The sierra rack sits in front of the wishbones. I did think about swapping the left and right hubs around and making the steering rack behind the wishbones, the benefits I could see would be a shorter steering column with little or no modifications to the standard sierra column and the castor angle would be positive. Major problems with this however was the resulting steering geometry would've been anti-ackermann ie the inner wheel would turn less than the outer wheel giving severe tyre wear at any steering angle to name one, another problem is the thread of the hub would be reversed and could lead to the nut tending to loosen rather than tighten but could be solved by just swapping the uprights and not the hubs.
In the end I've opted to keep hubs and steering rack in roughly the same positions as original but I've rotated the upright 10 degrees to adjust the camber angle to positive 5 degrees.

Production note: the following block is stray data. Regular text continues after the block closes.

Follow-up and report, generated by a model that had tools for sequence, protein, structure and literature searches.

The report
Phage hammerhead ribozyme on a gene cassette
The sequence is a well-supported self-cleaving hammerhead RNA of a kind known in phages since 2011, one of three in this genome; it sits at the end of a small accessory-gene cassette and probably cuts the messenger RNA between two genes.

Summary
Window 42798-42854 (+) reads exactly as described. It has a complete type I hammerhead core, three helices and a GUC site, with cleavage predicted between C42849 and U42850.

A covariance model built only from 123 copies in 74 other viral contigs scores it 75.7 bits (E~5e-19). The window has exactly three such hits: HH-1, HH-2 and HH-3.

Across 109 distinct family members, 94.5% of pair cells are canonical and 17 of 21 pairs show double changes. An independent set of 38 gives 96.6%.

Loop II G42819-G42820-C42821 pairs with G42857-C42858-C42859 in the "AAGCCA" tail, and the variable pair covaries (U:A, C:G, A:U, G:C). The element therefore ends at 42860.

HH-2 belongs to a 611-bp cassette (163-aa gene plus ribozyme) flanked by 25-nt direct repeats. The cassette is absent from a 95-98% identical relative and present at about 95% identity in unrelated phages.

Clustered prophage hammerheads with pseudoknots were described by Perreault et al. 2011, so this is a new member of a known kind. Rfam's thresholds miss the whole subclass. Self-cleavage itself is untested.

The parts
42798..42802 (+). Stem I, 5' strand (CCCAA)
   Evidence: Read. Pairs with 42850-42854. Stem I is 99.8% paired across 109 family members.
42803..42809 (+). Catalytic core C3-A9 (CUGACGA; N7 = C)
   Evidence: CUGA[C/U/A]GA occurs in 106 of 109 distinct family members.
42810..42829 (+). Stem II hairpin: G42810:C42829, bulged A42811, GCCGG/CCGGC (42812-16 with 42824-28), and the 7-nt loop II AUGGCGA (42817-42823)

You could use any rack in any car as long as it was like alan says in roughly the same position as original, ie, forward or rear of the axle centre, but careful consideration needs to be done on the actual position of the rack and effects of bump steer and turning has on the steering angle of each wheel.
Hmmm... this all sounds far more complicated than I thought! Best just get a 'front steer' rack!
You should be able to use almost any rack but if you want it to be rear steer then you need to choose a rear steer set of uprights. If my memory if correct, the escort mk vi uprights are rear steer but you then might have the problem of what to do with what to do about the end of the drive shafts. Nothing a hacksaw and a pretty metal cap won't sort.
That would be an idea except... the Escort uprights went with the rest of the car to the big car park in the sky! Might be worth seeing if I can get
some others though - Mk4's are common as muck!
Also, can someone please tell me if Sierra uprights are front or rear steer? Oh, and while I'm posting, what's a good price for a set of Cortina uprights?
Sierra uprights are front steer.
On the subject of steering racks, we're using a Y reg Capri 1600.